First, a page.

After all that hemming and hawing about… well, hemming, I stopped trying to be fancee and a perfectionist and used a narrow zig zag to hem Moneta. And you know what? It looks FINE. Even better, it’s FINISHED.
Size: Small at the bust and shoulders graded to medium at the waist and skirt
Fabric: Birth Organics Wink Knit
Everybody and her sister has already made a Moneta and for good reason: easy to fit, easy to wear. This dress feels like a leotard which makes me feel like I’m playing secret dress-up.
I have friends who swear by knit dresses but I don’t remember feeling comfortable in one since college which was long ago enough that I’ve become someone who uses terms like “since college” as a way of referring to herself as if in the third person. This dress is something of an experiment in personal style. Will I reach for when getting ready in the morning? We’ll see!
I used a party invitation an excuse for making this dress even though I wasn’t sure we would make it that party. A fitted dress was on my sewing list, I already had the pattern in mind and the fabric on hand, and maybe I thought if I acted like it was a given that we would be going that it might improve our chances. I could at least make sure I had something to wear even if I couldn’t control the financial, familial, occupational, and other personal conflicts that ultimately prevented our attendance.
I kept working on my dress while watching airfare climb without ever dropping. Even after sending regrets I kept working on my dress because I was in deep and aren’t there sometimes really cheap last minute bargain prices? I finished up the dress the morning after the party, probably at the same time that the party honorees were hosting brunch for their out-of-town guests that beat the nor’easter that grounded all flights on the date I had hoped to be traveling.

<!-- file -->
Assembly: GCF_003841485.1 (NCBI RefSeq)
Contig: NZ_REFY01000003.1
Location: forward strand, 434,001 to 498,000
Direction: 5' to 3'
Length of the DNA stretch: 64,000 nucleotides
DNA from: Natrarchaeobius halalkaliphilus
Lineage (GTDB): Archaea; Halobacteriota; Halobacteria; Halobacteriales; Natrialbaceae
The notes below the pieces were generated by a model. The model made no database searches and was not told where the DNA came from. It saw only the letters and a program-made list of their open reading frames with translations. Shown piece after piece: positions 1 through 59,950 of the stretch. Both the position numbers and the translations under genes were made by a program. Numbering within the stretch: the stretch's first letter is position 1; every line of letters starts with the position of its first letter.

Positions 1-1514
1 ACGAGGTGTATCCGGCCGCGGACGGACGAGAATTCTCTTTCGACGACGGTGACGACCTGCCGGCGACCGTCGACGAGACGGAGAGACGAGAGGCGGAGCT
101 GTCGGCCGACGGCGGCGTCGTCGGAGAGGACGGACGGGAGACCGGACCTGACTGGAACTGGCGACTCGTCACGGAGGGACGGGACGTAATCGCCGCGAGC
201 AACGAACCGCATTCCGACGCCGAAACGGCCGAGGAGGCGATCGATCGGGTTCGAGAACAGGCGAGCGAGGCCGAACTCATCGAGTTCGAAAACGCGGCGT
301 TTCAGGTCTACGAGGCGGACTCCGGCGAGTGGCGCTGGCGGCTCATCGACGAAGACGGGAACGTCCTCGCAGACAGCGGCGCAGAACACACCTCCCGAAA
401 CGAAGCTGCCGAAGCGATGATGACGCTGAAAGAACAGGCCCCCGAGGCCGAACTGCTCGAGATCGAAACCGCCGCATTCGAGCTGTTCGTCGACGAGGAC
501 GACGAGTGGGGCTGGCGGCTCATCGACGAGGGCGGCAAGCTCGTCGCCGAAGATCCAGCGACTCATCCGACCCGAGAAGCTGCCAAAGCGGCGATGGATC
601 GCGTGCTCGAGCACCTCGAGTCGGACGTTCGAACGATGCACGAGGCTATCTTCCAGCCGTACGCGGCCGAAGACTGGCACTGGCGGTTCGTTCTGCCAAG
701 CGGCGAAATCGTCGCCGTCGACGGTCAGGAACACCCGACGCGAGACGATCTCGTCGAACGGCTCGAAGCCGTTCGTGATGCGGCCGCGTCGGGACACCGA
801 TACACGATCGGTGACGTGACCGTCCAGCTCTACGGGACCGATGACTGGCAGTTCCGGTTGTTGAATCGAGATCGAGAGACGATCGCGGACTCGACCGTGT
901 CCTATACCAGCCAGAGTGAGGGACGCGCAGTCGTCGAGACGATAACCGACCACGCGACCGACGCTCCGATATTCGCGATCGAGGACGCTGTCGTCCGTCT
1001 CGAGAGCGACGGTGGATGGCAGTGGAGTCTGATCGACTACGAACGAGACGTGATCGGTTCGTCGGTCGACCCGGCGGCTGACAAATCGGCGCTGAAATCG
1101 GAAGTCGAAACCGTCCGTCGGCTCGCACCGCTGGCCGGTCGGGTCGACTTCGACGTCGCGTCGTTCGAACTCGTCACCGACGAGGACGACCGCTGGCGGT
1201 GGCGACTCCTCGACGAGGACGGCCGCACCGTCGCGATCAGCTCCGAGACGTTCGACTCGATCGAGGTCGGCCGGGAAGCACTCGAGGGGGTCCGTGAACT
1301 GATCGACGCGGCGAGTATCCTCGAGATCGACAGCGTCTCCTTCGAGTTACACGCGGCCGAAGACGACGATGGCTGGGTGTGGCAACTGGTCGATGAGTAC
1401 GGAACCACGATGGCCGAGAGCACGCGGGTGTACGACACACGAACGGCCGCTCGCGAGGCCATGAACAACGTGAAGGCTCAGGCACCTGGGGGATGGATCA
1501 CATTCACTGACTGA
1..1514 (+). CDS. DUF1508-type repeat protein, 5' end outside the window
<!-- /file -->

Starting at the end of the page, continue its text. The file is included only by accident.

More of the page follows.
Pattern: Belladone by Deer and Doe, View B
Fabric: Gertrude Made for Ella Blue Fabrics, Outback Wife, Barkcloth, Elaine Navy from fabricworm.com
Size & adjustments: It’s complicated.
A summary of my pattern adjustments:
Started with a size 40
1″ small bust adjustment (from C to B)
Shortened horizontal bust darts and moved them up
Moved vertical bust darts towards side seams
Moved skirt pleats to match relocated bust darts
1/2″ forward-shoulder adjustment
1/2″ gaping neck adjustment (I wonder if I could achieved better results more simply by doing a square shoulder adjustment. I have some wrinkles on my left shoulder in particular that I think the square shoulder adjustment would help)
Lengthened the back .75″ and the front 1.25″. The added length to the front is misleading because the small bust adjustment takes away length.
Graded bodice from size 40 at the underarm to 38 at the waist. Graded skirt from 38 at the waist to 40 at the hip.*
*I didn’t realize until I was trying to figure out what to do with the flappy ends of at the top of the invisible zipper** that I had been installing the zip wrong all along on all of my muslins. I was butting the edge of the zipper right up against the edge of my pattern piece, wondering all the time 1) how it made sense to sew a 5/8″ seam around a zipper that was being placed in at 3/8″; and 2) how in the world a 38 was fitting me when I don’t have a 26.5″ waist. Turns out you’re supposed to allow for that seam allowance when sewing the zipper in, duh. So even though I graded down to a size 38, once you add back in the seam allowance I didn’t take at the zip you’re back at a 40 and I was making things harder on myself than they needed to be. Honestly, making fit issues a bigger problem than they needed to be was the theme of this make, but that’s how I hope to learn.
**I still don’t know exactly what to do with the flappy ends since every tutorial I found assumed you hadn’t finished selvages, yet. I made do. It looks fine.